Sewer Discharges Of Industrial Wastewater

Evaluate the Industrial Wastewater 

In this paper, we continue our series on environmental engineering.  Specifically, we discuss acceptance of your plant’s sewer discharge by the off-site treatment plant.  Conversely, this is not about discharges to surface waters, on-site treatment facilities, or ground water.

How do you evaluate your industrial wastewater?  Firstly, perform a mass balance calculation.  To explain, identify and quantify all chemicals and materials.  Basically, mass balance means what goes in must go out.  Secondly, list the chemical properties.  Finally, determine if the discharge is acceptable. And that is very important.  Why?  Because the U.S. Environmental Protection Agency (EPA, www.epa.gov) requires it.  But the County usually enforces it.  How? By using a Sewer Use Ordinance. 

Why Worry about Sewer Discharges of Industrial Wastewater? 

There are good reasons to worry about your plant’s sewer discharge.  For starters, the discharge could be toxic.  As a result, it could kill micro-organisms at the treatment plant.  What’s more, the discharge might be flammable or explosive.  As a result, it could cause a fire or explosion at the plant.  Additionally, it could cause the plant’s discharge to pollute surface or ground water.  Finally, it could violate the Sewer Use Ordinance.  Consequently, your plant could get bad press and be fined.

Will They Know it is from Your Facility? 

The County can do sewer discharge tracing.  First, they inspect and test the wastewater at lift stations.  Second, they use the results to identify one lift station causing the problem.  Third, they determine which plants discharge to that lift station.  Fourth, they decide which plant is the most likely suspect.  Fourth, they knock on your door, ask questions, and test your discharge.  It is not that difficult.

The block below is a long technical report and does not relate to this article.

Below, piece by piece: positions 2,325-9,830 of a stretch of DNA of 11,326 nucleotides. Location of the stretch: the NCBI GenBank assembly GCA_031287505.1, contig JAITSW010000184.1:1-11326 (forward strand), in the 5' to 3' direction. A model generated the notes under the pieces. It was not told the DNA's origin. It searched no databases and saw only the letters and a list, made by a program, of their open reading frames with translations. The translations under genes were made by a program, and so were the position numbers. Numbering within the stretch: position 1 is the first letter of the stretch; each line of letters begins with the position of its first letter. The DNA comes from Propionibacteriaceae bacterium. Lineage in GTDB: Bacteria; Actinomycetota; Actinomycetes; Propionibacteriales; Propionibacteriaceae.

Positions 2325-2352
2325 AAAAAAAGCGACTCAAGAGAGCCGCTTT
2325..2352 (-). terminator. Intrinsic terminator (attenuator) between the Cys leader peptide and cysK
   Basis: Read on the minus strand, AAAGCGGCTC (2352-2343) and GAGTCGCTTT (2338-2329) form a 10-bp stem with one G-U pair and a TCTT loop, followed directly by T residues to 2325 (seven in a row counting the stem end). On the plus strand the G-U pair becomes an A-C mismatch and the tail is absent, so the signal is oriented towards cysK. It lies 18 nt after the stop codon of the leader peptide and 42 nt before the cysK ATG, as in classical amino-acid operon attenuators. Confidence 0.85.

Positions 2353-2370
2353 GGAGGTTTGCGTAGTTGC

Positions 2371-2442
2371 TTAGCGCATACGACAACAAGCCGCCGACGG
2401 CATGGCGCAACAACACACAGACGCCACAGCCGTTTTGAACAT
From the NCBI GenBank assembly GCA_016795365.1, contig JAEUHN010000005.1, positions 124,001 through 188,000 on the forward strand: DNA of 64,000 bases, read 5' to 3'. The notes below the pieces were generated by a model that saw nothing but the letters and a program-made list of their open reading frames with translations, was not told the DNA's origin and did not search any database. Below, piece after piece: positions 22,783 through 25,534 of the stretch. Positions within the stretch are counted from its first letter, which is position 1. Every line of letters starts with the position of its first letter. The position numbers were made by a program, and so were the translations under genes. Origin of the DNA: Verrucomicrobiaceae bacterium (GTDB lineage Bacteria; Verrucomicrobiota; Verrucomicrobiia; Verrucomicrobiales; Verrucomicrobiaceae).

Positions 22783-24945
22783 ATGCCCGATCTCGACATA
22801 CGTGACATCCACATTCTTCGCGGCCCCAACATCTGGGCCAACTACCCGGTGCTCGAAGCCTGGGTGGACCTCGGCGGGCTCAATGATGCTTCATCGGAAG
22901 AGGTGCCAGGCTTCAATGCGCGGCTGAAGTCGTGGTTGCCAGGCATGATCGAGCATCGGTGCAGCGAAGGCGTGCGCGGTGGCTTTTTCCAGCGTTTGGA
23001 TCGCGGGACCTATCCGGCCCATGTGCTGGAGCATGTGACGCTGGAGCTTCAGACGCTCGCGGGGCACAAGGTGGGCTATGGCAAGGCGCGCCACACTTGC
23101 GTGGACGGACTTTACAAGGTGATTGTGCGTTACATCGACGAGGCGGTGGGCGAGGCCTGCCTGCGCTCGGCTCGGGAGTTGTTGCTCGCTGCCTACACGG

Clean It Up 

So, before the County comes knocking, see if you need to clean up your wastewater.  First, read the Ordinance closely.  Second, determine if  banned chemicals could be in your discharge.  If so, test the discharge.  If the results confirm a problem, you are dead in the water, right?  No, now explore the following treatment options:

  • Change the process 
  • Substitute chemicals 
  • Remove hazardous wastes 
  • Pretreat the wastewater
  • Get input from environmental engineer or County 

Next, run a bench scale test on the wastewater after treatment.  Good results mean start the treatment.  Bad results mean you adjust the treatment, retest, and then start the treatment.

Environmental Safety ConsultantsSo, there is a discussion of the environmental engineering related to sewer discharges of industrial wastewater! If you need any assistance, ESC (www.escflorida.com) is here. We are a Florida licensed environmental engineering firm with a P.E. on staff. We have the credentials and experience to help you with your industrial wastewater sewer discharge needs. We are just a telephone call (800-226-1735) or an e-mail away (escinc@verizon.net). Contact us today!

Environmental Engineering for NPDES Stormwater Pollution Prevention Plan (SWPPP)

Background